Forum for Science, Industry and Business

Sponsored by:     3M 
Search our Site:

 

UCD scientist makes an advance in the war against cancer cells

05.02.2008
Dr Matthias Tacke and his research team at the Centre for Synthesis and Chemical Biology and the School of Chemistry and Chemical Biology at University College Dublin have recently published highly significant preclinical results on the anti-tumour activity of Titanocene Y on human breast tumours and in a mouse model.

In the mouse model, a decrease not only in tumour growth but also a reduction in tumour volume to around one-third was observed for the first time. In the human breast cancer, Titanocene Y showed cell death induction comparable to the widely-used chemotherapy drug Cisplatin.

Dr Tacke's group has been working on anti-cancer drugs belonging to the titanocene family for five years. 25 novel compounds were initially synthesised in the lab, and were structurally identified and then biologically evaluated.

The most successful analogues so far, Titanocene X and Titanocene Y, have been shown in early in-vitro and ex-vitro experiments to target prostrate, cervix and renal cell cancers, as well as breast cancer cell lines. The researchers believe that titanocenes represent a novel series of promising antitumour agents.

... more about:
»Titanocene »breast »tumour

According to Dr Tacke: "The successor molecule has been synthesised and has been shown to be 13 times more cytotoxic in vitro. Investigations of this candidate in the next mouse model are currently underway."

Claire Twomey | alfa
Further information:
http://www.ucd.ie

Further reports about: Titanocene breast tumour

More articles from Life Sciences:

nachricht Navigational view of the brain thanks to powerful X-rays
18.10.2017 | Georgia Institute of Technology

nachricht Separating methane and CO2 will become more efficient
18.10.2017 | KU Leuven

All articles from Life Sciences >>>

The most recent press releases about innovation >>>

Die letzten 5 Focus-News des innovations-reports im Überblick:

Im Focus: Neutron star merger directly observed for the first time

University of Maryland researchers contribute to historic detection of gravitational waves and light created by event

On August 17, 2017, at 12:41:04 UTC, scientists made the first direct observation of a merger between two neutron stars--the dense, collapsed cores that remain...

Im Focus: Breaking: the first light from two neutron stars merging

Seven new papers describe the first-ever detection of light from a gravitational wave source. The event, caused by two neutron stars colliding and merging together, was dubbed GW170817 because it sent ripples through space-time that reached Earth on 2017 August 17. Around the world, hundreds of excited astronomers mobilized quickly and were able to observe the event using numerous telescopes, providing a wealth of new data.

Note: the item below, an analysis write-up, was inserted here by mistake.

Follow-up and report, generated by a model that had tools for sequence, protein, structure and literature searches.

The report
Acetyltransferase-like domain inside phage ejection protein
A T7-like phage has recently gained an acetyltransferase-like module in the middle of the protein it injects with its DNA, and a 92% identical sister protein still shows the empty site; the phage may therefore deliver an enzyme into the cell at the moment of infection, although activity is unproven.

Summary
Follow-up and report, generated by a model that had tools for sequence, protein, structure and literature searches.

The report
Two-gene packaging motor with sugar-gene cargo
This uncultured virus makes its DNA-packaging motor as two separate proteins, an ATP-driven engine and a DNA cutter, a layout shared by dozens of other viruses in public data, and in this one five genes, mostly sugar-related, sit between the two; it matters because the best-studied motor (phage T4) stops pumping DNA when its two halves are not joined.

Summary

Previous detections of gravitational waves have all involved the merger of two black holes, a feat that won the 2017 Nobel Prize in Physics earlier this month....

Im Focus: Smart sensors for efficient processes

Material defects in end products can quickly result in failures in many areas of industry, and have a massive impact on the safe use of their products. This is why, in the field of quality assurance, intelligent, nondestructive sensor systems play a key role. They allow testing components and parts in a rapid and cost-efficient manner without destroying the actual product or changing its surface. Experts from the Fraunhofer IZFP in Saarbrücken will be presenting two exhibits at the Blechexpo in Stuttgart from 7–10 November 2017 that allow fast, reliable, and automated characterization of materials and detection of defects (Hall 5, Booth 5306).

When quality testing uses time-consuming destructive test methods, it can result in enormous costs due to damaging or destroying the products. And given that...

Im Focus: Cold molecules on collision course

Using a new cooling technique MPQ scientists succeed at observing collisions in a dense beam of cold and slow dipolar molecules.

How do chemical reactions proceed at extremely low temperatures? The answer requires the investigation of molecular samples that are cold, dense, and slow at...

Im Focus: Shrinking the proton again!

Scientists from the Max Planck Institute of Quantum Optics, using high precision laser spectroscopy of atomic hydrogen, confirm the surprisingly small value of the proton radius determined from muonic hydrogen.

It was one of the breakthroughs of the year 2010: Laser spectroscopy of muonic hydrogen resulted in a value for the proton charge radius that was significantly...

All Focus news of the innovation-report >>>

Anzeige

Anzeige

Event News

ASEAN Member States discuss the future role of renewable energy

17.10.2017 | Event News

World Health Summit 2017: International experts set the course for the future of Global Health

10.10.2017 | Event News

Climate Engineering Conference 2017 Opens in Berlin

10.10.2017 | Event News

 
Latest News

Osaka university researchers make the slipperiest surfaces adhesive

18.10.2017 | Materials Sciences

Space radiation won't stop NASA's human exploration

18.10.2017 | Physics and Astronomy

Los Alamos researchers and supercomputers help interpret the latest LIGO findings

18.10.2017 | Physics and Astronomy

VideoLinks
B2B-VideoLinks
More VideoLinks >>>